discipline for unsatisfactory conduct on the jobsite. This policy ensures fair treatment of all employees in

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making certain that disciplinary actions are prompt, uniform, and impartial. The primary purpose of any
disciplinary plan is to correct the problem, prevent recurrence, and prepare the employee for satisfactory
service in the future.
We recognize that employees, on the whole, normally govern their activities while at work in the same
high standards of conduct that they use for their personal affairs. But we recognize that errors in judgment
may occur and when they do we wish to address them in a fair, impartial, and consistent manner. By
using progressive discipline, it is our hope that most employee problems can be corrected in the early
stages, thus benefiting both the employee and the Project. Open and clear communications between the
employee and the supervisor promotes understanding, and is the key to preclude the need for any
disciplinary action.
Disciplinary action may call for any of the four following steps: Verbal warning, written warning, temporary
suspension from the Project site, and denial of access to the Project site for a period of one year or more,
depending on the severity of the problem and the number of occurrences.
All disciplinary actions are based on incident-free time periods (rolling date). After an active employee has
gone for a time period of one year (365-days) without a reoccurrence of any progressive disciplinary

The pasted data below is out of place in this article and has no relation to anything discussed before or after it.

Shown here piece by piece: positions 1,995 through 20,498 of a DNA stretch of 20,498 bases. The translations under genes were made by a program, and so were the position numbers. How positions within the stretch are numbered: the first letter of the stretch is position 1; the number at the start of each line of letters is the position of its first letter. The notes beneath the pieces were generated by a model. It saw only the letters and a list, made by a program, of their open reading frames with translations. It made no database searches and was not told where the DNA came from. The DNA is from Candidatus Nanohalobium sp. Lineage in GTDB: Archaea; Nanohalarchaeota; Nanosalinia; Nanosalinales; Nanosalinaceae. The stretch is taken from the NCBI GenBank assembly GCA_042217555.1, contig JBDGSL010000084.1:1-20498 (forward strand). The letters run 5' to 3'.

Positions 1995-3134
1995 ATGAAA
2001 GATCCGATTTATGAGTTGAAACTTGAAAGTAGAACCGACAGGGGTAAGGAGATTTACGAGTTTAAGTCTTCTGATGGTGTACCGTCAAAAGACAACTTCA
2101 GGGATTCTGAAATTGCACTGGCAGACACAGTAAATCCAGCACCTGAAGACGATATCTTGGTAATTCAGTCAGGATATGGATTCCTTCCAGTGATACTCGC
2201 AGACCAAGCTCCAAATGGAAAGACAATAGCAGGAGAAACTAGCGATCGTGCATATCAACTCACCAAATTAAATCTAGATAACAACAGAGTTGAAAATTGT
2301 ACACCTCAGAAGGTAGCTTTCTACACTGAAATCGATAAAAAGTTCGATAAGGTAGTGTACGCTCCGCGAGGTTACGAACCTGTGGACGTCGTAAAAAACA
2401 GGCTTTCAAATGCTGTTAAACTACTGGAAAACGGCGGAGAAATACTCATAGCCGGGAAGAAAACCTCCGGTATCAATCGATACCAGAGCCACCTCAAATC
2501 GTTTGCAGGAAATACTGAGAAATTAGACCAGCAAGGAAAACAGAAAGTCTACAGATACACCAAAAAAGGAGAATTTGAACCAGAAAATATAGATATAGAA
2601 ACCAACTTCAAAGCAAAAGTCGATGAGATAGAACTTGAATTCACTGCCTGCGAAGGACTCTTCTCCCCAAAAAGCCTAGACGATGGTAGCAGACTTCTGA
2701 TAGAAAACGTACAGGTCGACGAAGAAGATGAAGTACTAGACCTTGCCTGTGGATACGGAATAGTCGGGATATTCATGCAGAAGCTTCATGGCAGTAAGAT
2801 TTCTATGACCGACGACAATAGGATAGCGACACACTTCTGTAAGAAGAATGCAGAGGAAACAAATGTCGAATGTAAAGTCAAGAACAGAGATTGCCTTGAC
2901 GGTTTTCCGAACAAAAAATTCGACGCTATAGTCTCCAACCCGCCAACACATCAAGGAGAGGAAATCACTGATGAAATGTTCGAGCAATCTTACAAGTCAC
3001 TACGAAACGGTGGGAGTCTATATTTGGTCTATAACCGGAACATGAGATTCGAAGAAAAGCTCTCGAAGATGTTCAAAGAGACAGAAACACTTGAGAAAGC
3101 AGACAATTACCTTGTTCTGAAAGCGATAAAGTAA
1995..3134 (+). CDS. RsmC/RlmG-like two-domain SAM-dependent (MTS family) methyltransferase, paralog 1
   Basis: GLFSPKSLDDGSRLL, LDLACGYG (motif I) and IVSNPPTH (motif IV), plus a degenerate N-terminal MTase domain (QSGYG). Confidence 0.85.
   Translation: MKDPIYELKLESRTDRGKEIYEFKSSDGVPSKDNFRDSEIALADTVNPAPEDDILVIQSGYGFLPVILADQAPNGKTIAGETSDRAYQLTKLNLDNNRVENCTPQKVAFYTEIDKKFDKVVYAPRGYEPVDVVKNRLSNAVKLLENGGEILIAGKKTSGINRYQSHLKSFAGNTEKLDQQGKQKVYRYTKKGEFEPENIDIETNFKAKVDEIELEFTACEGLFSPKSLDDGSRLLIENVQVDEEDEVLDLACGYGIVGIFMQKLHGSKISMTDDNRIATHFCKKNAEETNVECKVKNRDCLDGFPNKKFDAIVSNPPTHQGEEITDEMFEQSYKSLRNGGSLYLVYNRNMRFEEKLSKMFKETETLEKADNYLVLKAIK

action, all prior disciplinary action records will be removed from their personnel file. However, records
associated with terminations will not be purged from the files.
All disciplinary actions resulting in suspension or termination shall automatically be reviewed by the
appropriate Business Agent (if applicable), the Contractor’s representative, GC Project Manager, and
NSLS-II ES&H Manager.
Employees terminated for safety violations will not be eligible for re-employment on the Project for 12
months. Employees terminated a second time for a safety violation are ineligible for re-employment.
Appendix A provides the five categories of offenses that require some form of disciplinary action in order
to ensure corrective job performance, with only Class V offenses being characterized as the most serious,
for which immediate termination will result.

6.5       Operation of Equipment and Machinery
Contractor employees shall be trained in the operation, inspection, and maintenance of the equipment
and the safety features and procedures to be utilized during operation, inspection, and maintenance of
the equipment. This training shall be based on the equipment operating manual and the hazard analysis
for the activity.

Before any machinery or mechanized equipment is brought on site and placed in use for the first time, it
shall be inspected and tested by a BSA competent person and certified to be in safe operating condition
and documented on a Contractor Equipment Inspection Form (Appendix B).

All machinery and equipment shall be inspected daily (when in use) to ensure safe operating conditions.
The Contractor shall designate competent persons to conduct the daily inspections and tests. Tests shall
be made at the beginning of each shift during which the equipment is to be used, to determine that the
brakes and operating systems are in proper working condition and that all required safety devices are in